Lisa Potenza Valencia ’90 was convinced that her two daughters, ages 18 and 21, would want to go into engineering fields. After all, Valencia, a NASA engineer and project manager at Kennedy Space Center (KSC) on Florida’s Space Coast, and her husband are both engineers and exposed the girls to engineering early on.
“They’re both pre-med…can you believe that?” she says, still somewhat bewildered at the fact. “I told them, ‘You have two engineer parents and we need more women in engineering!’ and they both still went pre-med.”
But Valencia isn’t giving up on inspiring the next generation of women engineers just yet. She currently does outreach on behalf of NASA, visiting schools and exposing younger girls — grades four through eight — to different areas of engineering through fun activities. Last week’s project? Making a rover vehicle out of pasta and competing to see whose could go the farthest.
“My uncle — a mechanical engineer who worked for Grumman on the thermal design and test of the Lunar Excursion Module — was my first mentor and helped shape my career, so I now try to mentor others,” she says. “I have five interns at NASA, and I love exposing students to different areas within electrical engineering. The more opportunities to see what engineers do, the more it helps them see what they want to do.”
Her mentees are fortunate, as Valencia’s impressive career has afforded her the chance to work on a variety of exciting and important projects. One standout was the Solar and Heliospheric Observatory (SOHO), a cooperative effort between the European Space Agency and NASA to study the sun, launched in 1995 and still obtaining images of the sun today. Valencia, who was working at Goddard Space Flight Center in Greenbelt, Maryland, at the time, was part of a team that designed the data processing system to process SOHO data via the Deep Space Network that is managed by the Jet Propulsion Laboratory — a NASA facility managed by California Institute of Technology. She eventually transferred to KSC and, having completed her processing responsibilities, was assigned to the SOHO launch team as a launch site support manager.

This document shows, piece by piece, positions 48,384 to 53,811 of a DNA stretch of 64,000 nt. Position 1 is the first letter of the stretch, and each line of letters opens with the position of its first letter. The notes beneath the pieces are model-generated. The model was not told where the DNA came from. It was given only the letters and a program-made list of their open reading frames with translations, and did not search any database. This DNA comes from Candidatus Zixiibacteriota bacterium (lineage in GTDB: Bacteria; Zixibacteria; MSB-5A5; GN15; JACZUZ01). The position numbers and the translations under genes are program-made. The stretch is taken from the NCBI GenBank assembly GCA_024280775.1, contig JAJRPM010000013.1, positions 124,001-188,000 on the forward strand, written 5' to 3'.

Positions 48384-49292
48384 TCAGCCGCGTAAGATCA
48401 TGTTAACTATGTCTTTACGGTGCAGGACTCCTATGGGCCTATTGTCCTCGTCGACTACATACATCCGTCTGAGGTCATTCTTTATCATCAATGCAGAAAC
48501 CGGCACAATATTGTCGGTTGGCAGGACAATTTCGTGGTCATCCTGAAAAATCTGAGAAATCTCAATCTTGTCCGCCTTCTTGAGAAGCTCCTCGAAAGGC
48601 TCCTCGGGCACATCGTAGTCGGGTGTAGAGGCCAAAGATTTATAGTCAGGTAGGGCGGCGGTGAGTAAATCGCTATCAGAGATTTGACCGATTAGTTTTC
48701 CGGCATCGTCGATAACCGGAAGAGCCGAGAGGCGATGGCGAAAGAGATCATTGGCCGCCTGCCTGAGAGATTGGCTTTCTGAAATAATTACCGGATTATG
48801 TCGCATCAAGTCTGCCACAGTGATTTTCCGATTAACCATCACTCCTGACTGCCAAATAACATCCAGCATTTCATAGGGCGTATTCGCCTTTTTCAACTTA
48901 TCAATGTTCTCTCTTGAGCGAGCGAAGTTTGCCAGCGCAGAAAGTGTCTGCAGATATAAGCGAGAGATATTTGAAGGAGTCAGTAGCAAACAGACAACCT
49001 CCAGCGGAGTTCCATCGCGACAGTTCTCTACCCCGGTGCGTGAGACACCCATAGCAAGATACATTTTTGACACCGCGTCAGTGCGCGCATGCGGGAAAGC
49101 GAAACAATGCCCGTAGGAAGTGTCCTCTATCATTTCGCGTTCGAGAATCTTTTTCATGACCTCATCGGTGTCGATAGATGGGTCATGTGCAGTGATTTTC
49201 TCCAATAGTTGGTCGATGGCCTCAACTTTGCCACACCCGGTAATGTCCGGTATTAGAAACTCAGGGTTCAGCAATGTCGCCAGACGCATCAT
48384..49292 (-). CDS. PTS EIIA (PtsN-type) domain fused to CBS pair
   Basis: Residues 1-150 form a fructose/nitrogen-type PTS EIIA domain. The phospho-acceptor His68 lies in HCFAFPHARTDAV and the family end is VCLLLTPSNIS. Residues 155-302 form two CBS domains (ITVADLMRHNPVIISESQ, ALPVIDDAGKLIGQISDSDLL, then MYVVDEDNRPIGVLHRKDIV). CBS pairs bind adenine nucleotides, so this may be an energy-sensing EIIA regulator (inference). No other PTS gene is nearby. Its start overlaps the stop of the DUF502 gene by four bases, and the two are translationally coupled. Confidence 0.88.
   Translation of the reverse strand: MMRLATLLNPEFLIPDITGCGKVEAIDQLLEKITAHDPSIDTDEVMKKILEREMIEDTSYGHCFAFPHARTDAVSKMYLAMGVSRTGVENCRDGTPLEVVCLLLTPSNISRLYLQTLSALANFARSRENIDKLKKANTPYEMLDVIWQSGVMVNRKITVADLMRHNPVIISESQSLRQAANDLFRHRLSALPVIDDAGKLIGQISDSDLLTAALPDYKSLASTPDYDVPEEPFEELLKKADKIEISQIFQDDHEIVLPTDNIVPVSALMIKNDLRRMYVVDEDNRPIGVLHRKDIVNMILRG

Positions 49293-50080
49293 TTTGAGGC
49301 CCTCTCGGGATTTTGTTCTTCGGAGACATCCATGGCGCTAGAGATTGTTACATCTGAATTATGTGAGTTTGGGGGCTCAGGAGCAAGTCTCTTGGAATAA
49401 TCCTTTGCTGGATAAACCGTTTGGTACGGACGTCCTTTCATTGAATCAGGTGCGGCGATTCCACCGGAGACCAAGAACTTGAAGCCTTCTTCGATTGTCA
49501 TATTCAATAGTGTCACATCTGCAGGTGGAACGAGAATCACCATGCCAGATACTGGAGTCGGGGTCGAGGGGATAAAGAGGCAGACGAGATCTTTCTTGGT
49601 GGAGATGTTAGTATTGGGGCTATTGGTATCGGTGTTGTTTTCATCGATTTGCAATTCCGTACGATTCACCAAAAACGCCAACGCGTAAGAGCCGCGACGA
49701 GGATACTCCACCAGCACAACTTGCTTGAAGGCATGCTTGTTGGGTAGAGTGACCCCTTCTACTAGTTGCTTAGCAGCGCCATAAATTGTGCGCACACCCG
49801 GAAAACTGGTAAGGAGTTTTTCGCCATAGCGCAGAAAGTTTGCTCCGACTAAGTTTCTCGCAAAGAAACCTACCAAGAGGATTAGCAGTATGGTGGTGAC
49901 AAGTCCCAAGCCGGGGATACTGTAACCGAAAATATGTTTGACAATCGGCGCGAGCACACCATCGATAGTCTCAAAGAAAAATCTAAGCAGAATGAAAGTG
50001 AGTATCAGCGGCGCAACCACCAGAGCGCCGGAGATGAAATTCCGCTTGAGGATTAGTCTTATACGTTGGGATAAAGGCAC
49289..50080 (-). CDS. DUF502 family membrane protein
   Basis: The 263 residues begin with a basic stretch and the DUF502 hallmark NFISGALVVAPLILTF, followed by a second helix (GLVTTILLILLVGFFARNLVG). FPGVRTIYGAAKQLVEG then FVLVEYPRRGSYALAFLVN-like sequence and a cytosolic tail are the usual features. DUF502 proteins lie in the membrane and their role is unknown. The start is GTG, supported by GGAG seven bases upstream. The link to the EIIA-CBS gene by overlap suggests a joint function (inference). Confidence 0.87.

“As soon as we knew the communication systems were good at liftoff, we were able to run outside and watch the launch. We must have had more than a hundred engineers who had worked on the project there to see the launch, many of them Europeans who came over,” she remembers. “To work both ends — the design and launch operations — was pretty cool.”
She’s currently working on the Autonomous Flight Termination System (AFTS), which is a system that tracks a rocket’s position, orientation and velocity. If the uncrewed rocket goes off course, potentially endangering the public, the AFTS issues a command to terminate the flight, either by blowing up the rocket or shutting off the fuel so that it falls into the ocean. Valencia manages the project in a variety of ways, spending some days in the labs overseeing testing and some days in meeting after meeting.
“Today I was talking about budget with the Department of Defense, our partnership with SpaceX, and our upcoming AFTS test flight on the Rocket Lab Electron launch vehicle,” she says, explaining that several private companies use the AFTS software with their own proprietary hardware and others are planning to use NASA’s AFTS hardware and software design as is. “A SpaceX engineer is actually in our lab right now.”
The SpaceX partnership is one of many for the AFTS team, a development Valencia appreciates. She credits her time at Stevens with teaching her the value of collaboration.
“In the real world, especially at NASA, you’re always working on a team — everything is team-centric. At Stevens, we always studied together and helped each other out. Taking 19 or 20 credits each semester was tough, so we had to depend on each other and work together,” she says. “You’re always more successful working as part of a team and, honestly, it’s a lot more fun.”